Weight gain in pregnancy will vary but the average women is likely to gain around 12.5kg over the course of the pregnancy. An average baby can weigh around 3.5kgs but many more changes occur to a woman’s body during pregnancy that contributes to overall weight gain.
- The Uterus enlarges significantly. Prior to pregnancy it is about the size of a fist (approximately 50g) but it will gradually grow with the baby until its around 1kg.
- Blood volume and extracellular fluid increases by around 1.2kg each.
- The amniotic sac and amniotic fluid surround the baby. By the end of pregnancy this fluid weight increases to approximately 800g.
- The placenta is a vital organ that develops and grows during pregnancy. It has multiple functions for both the mother and the baby. It provides the baby with oxygen and nutrients as well as removing waist products. Its produces multiple hormones to modulate and support the mother’s response to pregnancy. This can weigh over half a kilo at the time of birth.
- In preparation for breast feeding the breast tissue can increase by around 500g.
All these changes to the women’s body and the weight of the baby add up to just under 9kg of weight gain by the end of pregnancy. Throughout the pregnancy fat deposits are also stored to sustain the pregnancy and support feeding once the baby has been born. It is the amount of fat deposited that tends to vary significantly between women.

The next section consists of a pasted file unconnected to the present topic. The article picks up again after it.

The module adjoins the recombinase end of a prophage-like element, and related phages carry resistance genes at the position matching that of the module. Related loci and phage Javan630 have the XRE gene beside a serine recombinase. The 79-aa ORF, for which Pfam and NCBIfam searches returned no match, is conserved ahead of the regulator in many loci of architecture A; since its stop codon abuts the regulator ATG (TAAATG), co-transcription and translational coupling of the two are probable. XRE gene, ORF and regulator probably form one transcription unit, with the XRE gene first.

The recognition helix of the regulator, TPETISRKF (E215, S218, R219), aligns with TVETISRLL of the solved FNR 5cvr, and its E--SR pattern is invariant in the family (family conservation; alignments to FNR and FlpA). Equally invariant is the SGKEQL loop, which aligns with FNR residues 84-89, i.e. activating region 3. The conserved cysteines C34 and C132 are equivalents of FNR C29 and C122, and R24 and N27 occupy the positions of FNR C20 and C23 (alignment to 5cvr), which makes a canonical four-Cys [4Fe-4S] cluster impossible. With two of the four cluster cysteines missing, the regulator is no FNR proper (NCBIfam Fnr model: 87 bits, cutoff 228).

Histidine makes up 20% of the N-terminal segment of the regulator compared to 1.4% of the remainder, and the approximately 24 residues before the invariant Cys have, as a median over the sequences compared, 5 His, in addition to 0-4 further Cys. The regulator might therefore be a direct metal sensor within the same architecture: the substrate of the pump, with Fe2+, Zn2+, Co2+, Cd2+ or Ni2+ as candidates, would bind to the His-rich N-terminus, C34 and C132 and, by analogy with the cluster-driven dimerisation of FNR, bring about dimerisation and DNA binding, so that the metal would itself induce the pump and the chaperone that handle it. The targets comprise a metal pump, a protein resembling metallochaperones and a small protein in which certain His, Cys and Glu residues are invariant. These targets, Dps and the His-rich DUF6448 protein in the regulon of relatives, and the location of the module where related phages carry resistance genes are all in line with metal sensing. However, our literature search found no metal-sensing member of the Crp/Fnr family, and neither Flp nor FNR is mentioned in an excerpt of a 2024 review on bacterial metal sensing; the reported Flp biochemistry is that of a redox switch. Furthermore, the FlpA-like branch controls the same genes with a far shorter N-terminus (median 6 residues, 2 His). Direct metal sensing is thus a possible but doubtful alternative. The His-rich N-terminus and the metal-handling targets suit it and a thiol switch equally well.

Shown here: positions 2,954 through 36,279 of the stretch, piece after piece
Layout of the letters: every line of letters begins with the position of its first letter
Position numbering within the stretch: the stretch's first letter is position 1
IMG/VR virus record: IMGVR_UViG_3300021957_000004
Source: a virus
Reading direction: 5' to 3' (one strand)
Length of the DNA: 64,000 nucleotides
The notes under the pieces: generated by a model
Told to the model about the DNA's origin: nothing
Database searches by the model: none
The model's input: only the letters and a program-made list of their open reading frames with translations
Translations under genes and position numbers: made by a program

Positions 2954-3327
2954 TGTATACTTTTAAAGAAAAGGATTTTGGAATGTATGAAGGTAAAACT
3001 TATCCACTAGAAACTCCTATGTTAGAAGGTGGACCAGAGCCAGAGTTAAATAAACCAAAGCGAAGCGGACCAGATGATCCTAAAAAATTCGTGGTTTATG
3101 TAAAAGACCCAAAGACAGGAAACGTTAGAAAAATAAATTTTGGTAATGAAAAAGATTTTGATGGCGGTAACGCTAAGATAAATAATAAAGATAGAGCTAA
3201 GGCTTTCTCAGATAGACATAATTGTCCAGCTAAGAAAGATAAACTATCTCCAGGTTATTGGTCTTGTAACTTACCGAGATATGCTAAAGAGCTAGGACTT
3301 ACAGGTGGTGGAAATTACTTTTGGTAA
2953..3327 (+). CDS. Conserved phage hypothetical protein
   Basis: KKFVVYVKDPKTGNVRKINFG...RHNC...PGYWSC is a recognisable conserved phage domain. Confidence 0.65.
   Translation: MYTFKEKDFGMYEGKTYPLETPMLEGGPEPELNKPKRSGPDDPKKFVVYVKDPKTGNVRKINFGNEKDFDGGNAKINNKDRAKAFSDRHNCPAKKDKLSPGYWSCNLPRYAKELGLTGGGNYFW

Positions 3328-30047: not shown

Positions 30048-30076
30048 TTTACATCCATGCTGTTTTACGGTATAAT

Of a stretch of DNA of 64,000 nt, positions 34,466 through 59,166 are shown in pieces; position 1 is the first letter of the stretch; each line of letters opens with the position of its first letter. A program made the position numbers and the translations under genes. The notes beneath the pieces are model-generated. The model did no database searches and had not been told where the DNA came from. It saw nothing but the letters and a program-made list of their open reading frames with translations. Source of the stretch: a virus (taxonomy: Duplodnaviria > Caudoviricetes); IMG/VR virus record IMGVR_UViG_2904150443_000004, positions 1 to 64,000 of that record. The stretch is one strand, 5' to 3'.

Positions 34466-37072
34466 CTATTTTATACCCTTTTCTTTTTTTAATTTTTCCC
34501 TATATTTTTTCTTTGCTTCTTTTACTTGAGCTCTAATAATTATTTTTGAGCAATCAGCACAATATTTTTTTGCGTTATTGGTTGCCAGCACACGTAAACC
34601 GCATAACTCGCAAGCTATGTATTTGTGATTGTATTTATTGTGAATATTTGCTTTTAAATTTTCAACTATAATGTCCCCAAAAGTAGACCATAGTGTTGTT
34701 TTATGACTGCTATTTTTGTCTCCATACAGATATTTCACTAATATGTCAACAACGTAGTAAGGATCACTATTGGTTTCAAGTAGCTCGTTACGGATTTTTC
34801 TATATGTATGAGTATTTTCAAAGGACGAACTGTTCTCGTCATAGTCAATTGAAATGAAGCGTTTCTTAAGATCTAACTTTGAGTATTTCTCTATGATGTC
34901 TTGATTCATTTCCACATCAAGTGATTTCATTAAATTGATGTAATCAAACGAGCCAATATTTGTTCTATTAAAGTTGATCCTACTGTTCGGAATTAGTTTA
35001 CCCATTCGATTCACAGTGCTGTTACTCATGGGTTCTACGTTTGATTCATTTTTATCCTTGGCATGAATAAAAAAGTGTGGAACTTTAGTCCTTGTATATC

Why monitor your weight gain?
The recommended weight gain during pregnancy generally depends on the pre-pregnancy weight. Monitoring your weight during pregnancy can give you a guide as to whether you are gaining too much or alternatively too little weight.
High weight gain or low weight gain during pregnancy can have serious health implications for both the mother and baby.
For the mother high weight gain can increase the risk of conditions such as Gestational diabetes and Pre-eclampsia. It can increase the chance of having Caesarean section and make it more difficult to shift weight post birth.
For the baby there is an increased risk being large for gestational age as well as a risk of being overweight and high blood pressure in childhood.
How can exercise help?
Regular exercise has been recognised to have many positive effects for women with an uncomplicated pregnancy. It can help to prevent excessive weight gain during pregnancy as well as improving fitness. Exercise can also have psychological benefits in terms of body image and can reduce symptoms of depression. There is also growing recognition into the role that exercise can play in preventing and managing pregnancy related conditions such as Gestational diabetes and Pre-eclampsia.
If you have any concerns or questions with regards to weight gain during pregnancy please talk to your obstetrician, midwife, or GP. If you would like to discuss exercise during pregnancy, please contact one of the experienced Physiotherapists at Bend + Mend Physiotherapy.